It is also insisted that the State of Missouri is estopped from complaining of the canal because, while it was in process of construction for over eleven years, no objection was raised.

The Supreme Court has ordered the case for oral argument at the October term, but no date has been set for it.

Civil Service Reform. New rules adopted by the the Civil Service Commission clearly outline the method of promoting employees within the classified service. Henceforth the higher grades of work are, so far as possible, to be strictly confined to employees promoted from inferior positions, to the end that a permanent trained force of municipal servants may be developed. The rules provide that promotions shall be governed by ascertained merit and seniority of service and made after competitive examinations which shall be held whenever the next lower grade of service shall be constituted of at least two persons eligible to promotion, and competition “shall be limited to the members of such next lower rank or grade."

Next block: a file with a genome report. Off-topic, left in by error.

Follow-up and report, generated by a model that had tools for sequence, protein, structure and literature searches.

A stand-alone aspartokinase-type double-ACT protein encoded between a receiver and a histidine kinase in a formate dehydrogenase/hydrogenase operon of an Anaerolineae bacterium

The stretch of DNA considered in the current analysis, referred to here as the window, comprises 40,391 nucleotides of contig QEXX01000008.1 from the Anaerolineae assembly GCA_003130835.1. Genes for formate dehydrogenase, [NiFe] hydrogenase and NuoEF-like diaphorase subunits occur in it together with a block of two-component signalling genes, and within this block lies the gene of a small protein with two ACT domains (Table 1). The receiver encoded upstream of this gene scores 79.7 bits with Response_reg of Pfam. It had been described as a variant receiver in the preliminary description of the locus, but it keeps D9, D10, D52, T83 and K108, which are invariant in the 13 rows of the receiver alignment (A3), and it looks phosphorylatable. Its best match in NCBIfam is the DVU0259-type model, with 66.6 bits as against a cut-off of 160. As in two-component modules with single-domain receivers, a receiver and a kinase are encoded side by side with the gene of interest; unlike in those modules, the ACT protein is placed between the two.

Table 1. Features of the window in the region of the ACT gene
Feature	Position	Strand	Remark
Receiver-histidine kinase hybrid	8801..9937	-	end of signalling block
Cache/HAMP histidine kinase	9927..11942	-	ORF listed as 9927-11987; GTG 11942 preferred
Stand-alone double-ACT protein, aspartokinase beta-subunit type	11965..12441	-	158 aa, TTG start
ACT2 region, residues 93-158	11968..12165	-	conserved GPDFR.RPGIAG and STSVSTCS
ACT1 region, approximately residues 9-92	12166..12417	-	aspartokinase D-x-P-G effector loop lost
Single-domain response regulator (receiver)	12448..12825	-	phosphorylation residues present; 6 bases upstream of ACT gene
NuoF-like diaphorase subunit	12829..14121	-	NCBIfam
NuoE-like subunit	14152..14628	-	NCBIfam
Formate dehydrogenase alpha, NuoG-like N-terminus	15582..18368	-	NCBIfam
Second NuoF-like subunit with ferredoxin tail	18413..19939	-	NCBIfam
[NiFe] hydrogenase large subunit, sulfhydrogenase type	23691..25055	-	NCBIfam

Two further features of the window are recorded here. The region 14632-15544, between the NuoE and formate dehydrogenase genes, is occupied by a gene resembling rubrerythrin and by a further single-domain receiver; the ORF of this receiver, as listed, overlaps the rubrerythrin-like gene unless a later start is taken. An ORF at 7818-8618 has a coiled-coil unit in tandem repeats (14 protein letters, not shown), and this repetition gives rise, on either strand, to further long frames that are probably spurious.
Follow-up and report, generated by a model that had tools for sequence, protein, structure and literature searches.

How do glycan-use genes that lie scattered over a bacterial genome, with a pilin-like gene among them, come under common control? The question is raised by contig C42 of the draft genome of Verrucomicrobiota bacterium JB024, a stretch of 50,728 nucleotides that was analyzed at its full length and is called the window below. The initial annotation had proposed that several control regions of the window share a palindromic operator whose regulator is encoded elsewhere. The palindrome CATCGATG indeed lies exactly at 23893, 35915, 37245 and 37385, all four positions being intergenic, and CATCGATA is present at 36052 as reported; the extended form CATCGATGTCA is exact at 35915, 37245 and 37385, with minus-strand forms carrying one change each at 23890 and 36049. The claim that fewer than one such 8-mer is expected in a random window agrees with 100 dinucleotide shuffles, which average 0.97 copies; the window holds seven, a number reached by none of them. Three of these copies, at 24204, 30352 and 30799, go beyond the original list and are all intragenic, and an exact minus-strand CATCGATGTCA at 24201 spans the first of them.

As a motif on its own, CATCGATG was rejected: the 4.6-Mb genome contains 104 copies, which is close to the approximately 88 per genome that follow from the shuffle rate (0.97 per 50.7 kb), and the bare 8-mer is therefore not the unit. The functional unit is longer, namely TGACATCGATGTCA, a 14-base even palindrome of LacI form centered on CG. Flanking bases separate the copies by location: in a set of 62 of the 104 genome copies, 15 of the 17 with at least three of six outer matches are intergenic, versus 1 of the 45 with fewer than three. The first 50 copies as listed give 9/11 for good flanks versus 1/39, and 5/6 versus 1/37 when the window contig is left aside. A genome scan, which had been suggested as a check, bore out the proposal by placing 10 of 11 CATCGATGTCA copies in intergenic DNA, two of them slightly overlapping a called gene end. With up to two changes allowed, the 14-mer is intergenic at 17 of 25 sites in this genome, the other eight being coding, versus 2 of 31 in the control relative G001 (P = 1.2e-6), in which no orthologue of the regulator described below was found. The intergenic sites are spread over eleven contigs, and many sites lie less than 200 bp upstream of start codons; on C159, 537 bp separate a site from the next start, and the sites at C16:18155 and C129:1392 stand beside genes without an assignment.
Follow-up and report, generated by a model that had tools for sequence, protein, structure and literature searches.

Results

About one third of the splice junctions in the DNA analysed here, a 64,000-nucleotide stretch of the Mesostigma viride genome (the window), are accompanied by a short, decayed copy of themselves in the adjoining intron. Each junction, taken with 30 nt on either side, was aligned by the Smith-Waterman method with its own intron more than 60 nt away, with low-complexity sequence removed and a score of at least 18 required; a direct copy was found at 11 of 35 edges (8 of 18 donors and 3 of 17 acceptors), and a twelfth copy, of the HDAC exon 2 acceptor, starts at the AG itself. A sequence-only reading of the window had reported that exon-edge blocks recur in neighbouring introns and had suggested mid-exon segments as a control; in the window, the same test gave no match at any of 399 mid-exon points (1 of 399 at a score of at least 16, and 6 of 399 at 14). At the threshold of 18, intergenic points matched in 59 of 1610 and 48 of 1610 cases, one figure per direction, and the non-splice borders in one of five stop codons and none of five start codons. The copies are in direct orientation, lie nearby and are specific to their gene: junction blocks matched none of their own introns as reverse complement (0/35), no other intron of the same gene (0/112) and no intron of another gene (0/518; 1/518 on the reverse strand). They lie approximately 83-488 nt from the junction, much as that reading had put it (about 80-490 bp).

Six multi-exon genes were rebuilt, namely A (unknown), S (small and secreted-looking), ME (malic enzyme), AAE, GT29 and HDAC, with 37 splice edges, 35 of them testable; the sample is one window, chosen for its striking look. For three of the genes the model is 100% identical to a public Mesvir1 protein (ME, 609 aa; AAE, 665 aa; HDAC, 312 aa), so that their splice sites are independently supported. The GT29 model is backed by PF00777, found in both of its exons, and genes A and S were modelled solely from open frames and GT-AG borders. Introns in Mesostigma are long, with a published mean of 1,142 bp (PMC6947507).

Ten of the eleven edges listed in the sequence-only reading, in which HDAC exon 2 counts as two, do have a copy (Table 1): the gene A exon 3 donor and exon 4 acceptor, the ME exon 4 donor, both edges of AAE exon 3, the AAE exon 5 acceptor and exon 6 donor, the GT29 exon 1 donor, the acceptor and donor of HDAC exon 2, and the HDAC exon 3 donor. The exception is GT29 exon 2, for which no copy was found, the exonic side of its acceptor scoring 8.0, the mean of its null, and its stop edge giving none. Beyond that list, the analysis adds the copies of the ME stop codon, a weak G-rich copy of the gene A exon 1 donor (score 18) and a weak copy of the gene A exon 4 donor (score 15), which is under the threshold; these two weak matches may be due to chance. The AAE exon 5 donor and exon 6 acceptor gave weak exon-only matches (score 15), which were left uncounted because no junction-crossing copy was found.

If, in the immediately inferior division of service, there are not two men wanting to take the examination for promotion, then the usual original entrance test will be had. However, if after sixty days from the general examination, a requisition to fill a vacancy is received and there are then persons in the next inferior position competent to take the examination for promotion, such examination will be held for their benefit and the employee qualified for the vacant position shall be certified for promotion. In all examinations due weight shall be given to length of previous service and office efficiency. The commission, when deemed best, may appoint boards of promotion to conduct the examinations and mark the papers.